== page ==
8 Ways to Insulate Yourself from Inflation

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The first half of the year is behind us, with the market performance strong across the board. But what about the rest of the year? With inflation on the minds of many investors, how do you protect against those risks, and what top strategies could help better position portfolios?

Inflation is seemingly everywhere, with the prices of oil, lumber, steel and real estate all pushing higher. Some of that inflation could be with us for quite some time. Of particular concern is increases in rents – up over 8% nationwide in June to a record high $1,575 per month, according to Realtor.com. Also, rising wages — while good for individuals — can mean higher costs passed on to the consumers.

What can you do to protect yourself from inflation, and how can you ensure your portfolio is keeping up with rising prices?

Inflationary environments often see asset prices rise, but they can be challenging for the value of bonds. As interest rates rise, the value of your bond portfolio could decrease, potentially eliminating any benefit you are receiving from a consistent yield. In a period of slowly rising interest rates, a traditional bond allocation could mean some dead weight holding back your portfolio from the true upside potential. A portfolio that is too conservative will have a tough time keeping up with inflation.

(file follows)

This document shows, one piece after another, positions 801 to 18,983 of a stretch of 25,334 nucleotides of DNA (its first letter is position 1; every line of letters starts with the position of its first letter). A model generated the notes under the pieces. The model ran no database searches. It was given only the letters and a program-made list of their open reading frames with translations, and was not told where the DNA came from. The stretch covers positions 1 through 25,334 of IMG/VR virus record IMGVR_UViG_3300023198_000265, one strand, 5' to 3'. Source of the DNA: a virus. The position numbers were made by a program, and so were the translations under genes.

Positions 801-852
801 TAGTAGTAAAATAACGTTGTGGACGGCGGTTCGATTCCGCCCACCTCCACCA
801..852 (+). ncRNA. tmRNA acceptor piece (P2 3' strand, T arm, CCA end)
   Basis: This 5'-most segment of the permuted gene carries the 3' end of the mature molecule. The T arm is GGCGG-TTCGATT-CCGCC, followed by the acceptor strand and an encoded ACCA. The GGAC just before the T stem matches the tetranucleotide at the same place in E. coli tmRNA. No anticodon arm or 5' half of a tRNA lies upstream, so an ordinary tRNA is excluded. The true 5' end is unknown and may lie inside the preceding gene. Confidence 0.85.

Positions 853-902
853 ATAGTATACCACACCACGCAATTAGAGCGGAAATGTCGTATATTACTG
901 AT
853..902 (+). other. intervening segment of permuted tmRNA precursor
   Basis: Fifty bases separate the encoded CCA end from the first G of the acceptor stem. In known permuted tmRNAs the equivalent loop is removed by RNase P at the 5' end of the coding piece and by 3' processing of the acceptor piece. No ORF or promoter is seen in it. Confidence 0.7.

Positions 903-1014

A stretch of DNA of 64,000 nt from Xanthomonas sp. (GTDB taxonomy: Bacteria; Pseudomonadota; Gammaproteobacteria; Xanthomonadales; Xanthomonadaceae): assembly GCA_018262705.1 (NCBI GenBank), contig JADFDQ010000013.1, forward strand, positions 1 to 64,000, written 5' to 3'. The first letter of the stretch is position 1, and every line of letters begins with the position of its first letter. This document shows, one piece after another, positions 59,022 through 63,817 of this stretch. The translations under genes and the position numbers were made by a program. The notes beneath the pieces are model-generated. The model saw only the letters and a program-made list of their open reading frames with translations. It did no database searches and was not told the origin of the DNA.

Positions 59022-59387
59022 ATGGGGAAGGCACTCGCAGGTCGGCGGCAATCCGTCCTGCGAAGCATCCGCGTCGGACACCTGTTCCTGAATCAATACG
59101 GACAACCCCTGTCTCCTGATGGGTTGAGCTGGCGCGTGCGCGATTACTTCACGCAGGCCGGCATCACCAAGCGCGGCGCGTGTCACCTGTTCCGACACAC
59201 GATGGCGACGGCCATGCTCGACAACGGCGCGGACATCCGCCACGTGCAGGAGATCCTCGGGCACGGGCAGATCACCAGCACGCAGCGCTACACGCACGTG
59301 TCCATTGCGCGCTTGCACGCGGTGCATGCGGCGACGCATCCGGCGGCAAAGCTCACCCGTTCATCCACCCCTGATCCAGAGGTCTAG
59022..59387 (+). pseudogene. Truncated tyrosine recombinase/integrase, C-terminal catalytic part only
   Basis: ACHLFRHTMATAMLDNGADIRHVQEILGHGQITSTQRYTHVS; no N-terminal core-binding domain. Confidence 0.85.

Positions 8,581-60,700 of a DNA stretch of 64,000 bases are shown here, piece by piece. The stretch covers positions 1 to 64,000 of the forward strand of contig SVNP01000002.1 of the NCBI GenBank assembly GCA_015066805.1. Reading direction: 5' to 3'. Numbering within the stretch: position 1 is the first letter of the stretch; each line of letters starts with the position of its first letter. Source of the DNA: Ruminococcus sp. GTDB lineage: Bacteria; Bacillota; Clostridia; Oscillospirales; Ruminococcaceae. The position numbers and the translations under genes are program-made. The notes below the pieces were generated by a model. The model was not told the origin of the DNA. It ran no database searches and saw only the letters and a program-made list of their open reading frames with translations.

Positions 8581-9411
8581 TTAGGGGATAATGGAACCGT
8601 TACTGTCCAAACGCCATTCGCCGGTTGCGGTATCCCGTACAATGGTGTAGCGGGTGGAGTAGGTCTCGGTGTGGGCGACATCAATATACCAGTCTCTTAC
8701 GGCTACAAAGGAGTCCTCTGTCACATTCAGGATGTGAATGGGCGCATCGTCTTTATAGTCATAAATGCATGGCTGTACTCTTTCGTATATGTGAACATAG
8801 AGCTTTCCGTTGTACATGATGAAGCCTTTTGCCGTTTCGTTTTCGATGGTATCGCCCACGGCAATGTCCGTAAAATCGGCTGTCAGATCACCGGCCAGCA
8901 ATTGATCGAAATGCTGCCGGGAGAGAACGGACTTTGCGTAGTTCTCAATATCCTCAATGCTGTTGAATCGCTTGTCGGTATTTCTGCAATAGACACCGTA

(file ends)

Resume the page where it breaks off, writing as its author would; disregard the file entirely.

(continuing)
Conventional financial planning suggests an increasing allocation to bonds as one ages and approaches retirement. For example, if you are 60 years old, maybe you need a 35% allocation to bonds. With interest rates so low and inflation becoming more of a threat – you may want to consider decreasing that bond allocation to optimize performance.

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2. Focus on Inflation-Favorable Sectors

An oil rig in the sea.

Consider increasing your allocation percentages in areas of the market that do well in inflationary environments.

Credit Suisse did research on markets where inflation was expected to increase, and which sections of those markets performed best in those times. They found that on an average day if the S&P 500 was expected to increase by 0.45%, the energy sector was expected to increase 0.86%. Two other areas with the potential to outperform include financials, at 0.68%, and materials, at 0.62%.

Increasing your exposure to funds, ETFs or individual stocks in those sectors could help your portfolio keep pace during an inflationary environment.

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3. Be More Active and Dynamic in Your Risk Management

A man and a woman run together.

Increasing your equity exposure could make sense, but it needs to be coupled with a rule set for managing risk. If you use an adviser, ask them about their strategy for managing volatility. If invested in a fund or ETF, look at how that strategy has weathered prior volatile markets and understand what goes into their methodology for risk management.